Dark and hilarious.

Starred review, Kirkus Reviews

All the Dear Little Animals


A funny illustrated chapter book about three children who decide someone must bury all the world’s poor dead animals.

Translated by Julia Marshall


AVAILABLE FEBRUARY 2020. Pre-orders now.



  • Description

    One summer’s day we started a business called Funerals Ltd., to help all the poor dead animals in the world. Esther did the digging, I wrote the poems, and Esther’s little brother, Puttie, cried.


  • Book Details

    Country of OriginSweden
    Reader Age5-7 year, 6-8 year
    Book Size

  • Reviews

    1. Kirkus Reviews (starred)

      The story cleverly—and tenderly—pivots near its end, giving it a touching depth (with a twist). Eriksson’s keenly observed illustrations include full-page and double-page spreads as well as spots, and they are as wickedly hilarious as the text in their understated expressions and details.

  • Reviews

    1. Publishers Weekly (starred)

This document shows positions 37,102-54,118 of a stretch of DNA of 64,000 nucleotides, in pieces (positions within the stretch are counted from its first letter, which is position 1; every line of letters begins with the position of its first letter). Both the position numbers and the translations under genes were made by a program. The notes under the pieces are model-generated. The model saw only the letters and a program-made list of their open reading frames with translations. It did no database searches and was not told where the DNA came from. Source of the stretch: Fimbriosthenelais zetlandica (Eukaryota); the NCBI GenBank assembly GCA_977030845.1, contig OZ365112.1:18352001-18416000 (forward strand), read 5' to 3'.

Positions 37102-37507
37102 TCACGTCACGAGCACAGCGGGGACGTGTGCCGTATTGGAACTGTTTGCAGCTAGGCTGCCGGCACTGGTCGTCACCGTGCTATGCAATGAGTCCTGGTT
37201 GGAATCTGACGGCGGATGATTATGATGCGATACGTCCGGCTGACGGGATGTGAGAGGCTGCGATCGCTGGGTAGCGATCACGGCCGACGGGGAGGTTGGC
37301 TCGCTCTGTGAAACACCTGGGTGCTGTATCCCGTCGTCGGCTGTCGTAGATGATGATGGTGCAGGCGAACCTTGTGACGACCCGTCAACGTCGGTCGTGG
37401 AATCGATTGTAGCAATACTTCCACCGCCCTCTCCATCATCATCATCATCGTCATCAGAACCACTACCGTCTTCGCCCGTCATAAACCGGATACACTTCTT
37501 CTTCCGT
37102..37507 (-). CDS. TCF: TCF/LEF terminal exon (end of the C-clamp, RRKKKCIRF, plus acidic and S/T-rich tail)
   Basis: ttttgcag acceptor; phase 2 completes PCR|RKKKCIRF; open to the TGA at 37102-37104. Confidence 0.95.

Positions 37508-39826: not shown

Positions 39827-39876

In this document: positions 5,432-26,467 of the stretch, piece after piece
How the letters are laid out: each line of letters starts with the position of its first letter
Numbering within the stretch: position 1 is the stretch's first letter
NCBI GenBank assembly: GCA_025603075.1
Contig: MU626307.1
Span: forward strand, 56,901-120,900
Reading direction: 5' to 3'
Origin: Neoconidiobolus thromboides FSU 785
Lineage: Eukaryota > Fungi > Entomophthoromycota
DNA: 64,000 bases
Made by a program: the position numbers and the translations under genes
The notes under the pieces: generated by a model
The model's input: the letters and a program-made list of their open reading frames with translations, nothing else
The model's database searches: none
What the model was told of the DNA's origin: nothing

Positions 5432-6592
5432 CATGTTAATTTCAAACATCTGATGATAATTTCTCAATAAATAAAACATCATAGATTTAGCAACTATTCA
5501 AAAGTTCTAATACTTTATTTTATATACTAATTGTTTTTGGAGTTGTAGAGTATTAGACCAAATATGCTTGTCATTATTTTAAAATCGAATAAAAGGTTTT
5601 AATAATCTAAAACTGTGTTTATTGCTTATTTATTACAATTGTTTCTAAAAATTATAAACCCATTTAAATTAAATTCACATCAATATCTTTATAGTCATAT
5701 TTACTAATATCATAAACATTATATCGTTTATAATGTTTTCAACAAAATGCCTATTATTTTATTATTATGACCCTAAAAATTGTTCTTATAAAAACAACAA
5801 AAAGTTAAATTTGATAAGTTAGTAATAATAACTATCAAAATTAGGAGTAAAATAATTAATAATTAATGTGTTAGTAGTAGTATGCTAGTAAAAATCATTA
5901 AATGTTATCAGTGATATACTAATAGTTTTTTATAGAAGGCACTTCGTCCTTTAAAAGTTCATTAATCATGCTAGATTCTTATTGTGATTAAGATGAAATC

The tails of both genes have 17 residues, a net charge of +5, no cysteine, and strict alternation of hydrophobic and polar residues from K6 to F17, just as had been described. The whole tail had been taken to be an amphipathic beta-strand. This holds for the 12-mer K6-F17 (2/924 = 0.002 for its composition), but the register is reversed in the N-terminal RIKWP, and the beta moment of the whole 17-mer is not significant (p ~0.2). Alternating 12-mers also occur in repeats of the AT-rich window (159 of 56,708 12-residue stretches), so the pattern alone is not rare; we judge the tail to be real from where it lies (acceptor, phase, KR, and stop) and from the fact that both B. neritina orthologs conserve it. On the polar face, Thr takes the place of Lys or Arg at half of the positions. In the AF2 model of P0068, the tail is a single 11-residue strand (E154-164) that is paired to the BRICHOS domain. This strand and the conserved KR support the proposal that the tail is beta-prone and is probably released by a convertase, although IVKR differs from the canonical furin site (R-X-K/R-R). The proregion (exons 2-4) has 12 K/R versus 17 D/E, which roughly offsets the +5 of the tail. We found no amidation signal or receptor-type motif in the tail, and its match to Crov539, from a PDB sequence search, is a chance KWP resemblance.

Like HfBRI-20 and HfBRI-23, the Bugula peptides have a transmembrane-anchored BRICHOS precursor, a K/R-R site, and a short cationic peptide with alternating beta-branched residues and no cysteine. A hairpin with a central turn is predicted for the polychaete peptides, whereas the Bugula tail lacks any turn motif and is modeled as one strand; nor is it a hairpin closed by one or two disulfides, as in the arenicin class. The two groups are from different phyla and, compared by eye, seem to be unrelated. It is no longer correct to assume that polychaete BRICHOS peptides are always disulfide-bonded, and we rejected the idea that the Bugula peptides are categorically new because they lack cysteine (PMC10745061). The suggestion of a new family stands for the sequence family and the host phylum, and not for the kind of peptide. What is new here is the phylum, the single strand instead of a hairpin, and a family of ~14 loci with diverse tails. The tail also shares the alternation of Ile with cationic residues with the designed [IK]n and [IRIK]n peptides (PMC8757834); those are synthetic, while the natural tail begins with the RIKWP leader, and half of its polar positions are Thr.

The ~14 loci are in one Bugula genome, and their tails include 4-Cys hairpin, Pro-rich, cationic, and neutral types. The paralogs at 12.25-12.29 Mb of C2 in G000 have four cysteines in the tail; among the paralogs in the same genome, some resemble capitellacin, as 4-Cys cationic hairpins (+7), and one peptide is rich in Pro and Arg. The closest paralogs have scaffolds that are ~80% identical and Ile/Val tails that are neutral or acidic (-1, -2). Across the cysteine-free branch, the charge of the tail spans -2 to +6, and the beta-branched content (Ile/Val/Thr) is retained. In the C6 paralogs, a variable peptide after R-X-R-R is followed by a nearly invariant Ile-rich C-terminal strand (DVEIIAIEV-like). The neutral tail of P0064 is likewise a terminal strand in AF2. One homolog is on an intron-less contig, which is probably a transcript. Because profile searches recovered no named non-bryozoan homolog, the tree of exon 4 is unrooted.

Nilsson and Eriksson bring a whiff of Scandinavian noir to this lengthy, small-format picture book. After an encounter with “something sad and tragic”—a dead bee—Esther buries the insect, then makes a pronouncement. “Someone unselfish must make sure all these dead things get buried,” she tells the narrator, a boy in a plaid shirt. So they start a business, Funerals Ltd. The boy is a reluctant undertaker but a good writer (“There are lots of words inside me”), and he contributes a short poem for each funeral (“Farewell Harold, wee Harold so bold”). Esther solicits new business, sometimes with startling cynicism—“We will never forget him. That’s what we’re paid for!” Deftly translated by Marshall, the text laces honest consideration of a difficult subject with winningly mordant humor. Lindgren Award–winner Eriksson’s (My Heart Is Laughing) lightly penned images of the children burying animals are the visual equivalent of Nilsson’s offhand tone. It’s only after the children tackle logistical matters—touching corpses, how to explain death to Esther’s little brother, whether the gravestones need proper names—that a moment of real tenderness occurs: they witness a blackbird’s sudden death, and even brusque Esther is moved. A sly, thoughtful, many-layered story.

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